Review: Tactis18 Jul 2013 0
Keywords: tactical, permadeath, squad, fantasy, no in-app purchases. Tactis ticks some excellent boxes. Whether you'll enjoy the full package rests greatly on your willingness to indulge indie developer Savant's quirks.
Tactis is a squad-tactical game in a roughly-drawn fantasy world played over a small square grid. It distills the squad tactical into its most basic components -- it's so simple almost analogous to chess. Sometimes dedication to simplicity comes in forms that we admire, like stoic Buddhist monks. Other times, it means arduous no-frills airline flights and store brand potato chips. Which one of these is Tactis?
You start with a squad of two random characters selected from five classes: Knight, Sorceror, Baresark, Blackbow, Healer. Respectively, these play the roles of tank, short range, DPS, long range, and the well-named healer. Each class has a set of three upgradeable statistics, like mobility, damage, vitality, evasion, etc. Your squad fights other squads of selectable difficulty on a 7x7 grid. High ground confers a damage bonus and some protection, but terrain is otherwise uniform. The higher the difficulty selected, the more money you get to spend on recruiting new squad members or upgrading the aforementioned stats.
It's a fairly simple structure, but it provides various risks you can manage in a few different ways, and I've had success (and failure) with varied party compositions and on-field tactics, so these choices are mostly genuine. It is true that permadeath of party members can be a big blow, so there's rarely reason to attempt a battle more challenging than the easiest one available (which scales with your squad's strength, the easiest tier of opponents no longer remaining available to high-level parties), but that keeps the emphasis on the squad.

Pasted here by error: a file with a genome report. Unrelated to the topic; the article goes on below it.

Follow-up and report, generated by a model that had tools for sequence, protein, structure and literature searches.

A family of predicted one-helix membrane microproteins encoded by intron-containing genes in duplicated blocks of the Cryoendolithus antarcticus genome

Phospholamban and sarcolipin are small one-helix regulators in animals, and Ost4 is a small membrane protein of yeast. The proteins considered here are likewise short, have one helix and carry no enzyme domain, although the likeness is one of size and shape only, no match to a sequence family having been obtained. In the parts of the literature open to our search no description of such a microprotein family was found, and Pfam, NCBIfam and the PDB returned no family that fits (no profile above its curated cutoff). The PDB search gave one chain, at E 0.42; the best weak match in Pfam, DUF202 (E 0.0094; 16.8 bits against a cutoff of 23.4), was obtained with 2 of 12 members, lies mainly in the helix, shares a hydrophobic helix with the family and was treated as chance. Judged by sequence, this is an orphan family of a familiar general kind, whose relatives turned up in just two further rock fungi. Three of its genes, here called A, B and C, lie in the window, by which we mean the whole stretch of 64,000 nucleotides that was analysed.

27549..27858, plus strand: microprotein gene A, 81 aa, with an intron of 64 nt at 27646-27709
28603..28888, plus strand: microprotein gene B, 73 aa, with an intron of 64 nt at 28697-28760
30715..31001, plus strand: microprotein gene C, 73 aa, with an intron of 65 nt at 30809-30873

Sadly, the presentation of Tactis commits most of the sins available to it. There is no tutorial, nor even any explanation of the rules. Though characters are carefully modeled and animated, the display is needlessly unclear because of the isometric perspective used to show them off and the uniformity of the palette, which displays not only the characters but the terrain in various shades of grey and brown. Team affiliation colors could have helped relieve the visual tedium and provided valuable information, but are too bland and appear on too little of each model to accomplish much of anything. The animations, though lifelike, aren't particularly well-chosen--the berserker's mad dash into combat is portrayed as more of a menacing mosey, for example.
Given that the presentation is murky enough to muddle the action and make errors more likely, the absence of an undo is particularly irksome. Similarly inexplicably absent is any ability to move characters in your squad. If you recruit a healer to your front line, there he stays until killed. There's also no use of Game Center, which is puzzling for a game which seems to be designed to foster competition on leaderboards. Games tend to last a little over half an hour from first recruitment to the end of the final battle, so there's some similarity to the roguelike genre, but with nothing to unlock and no achievements to earn, the only incentive for repeated plays is to try out various strategies. Unlike more traditional roguelikes, there's no new content to discover. It's also not very stable or consistent at resuming where you left off should you leave the app.
Tactis is a good game in a terrible wrapper. It lacks many of the accoutrements we've come to expect from well-made apps and makes the game itself less accessible than it easily could be. Despite all of that, I played it more than I had to in order to write this review, and plan to keep it around for a while.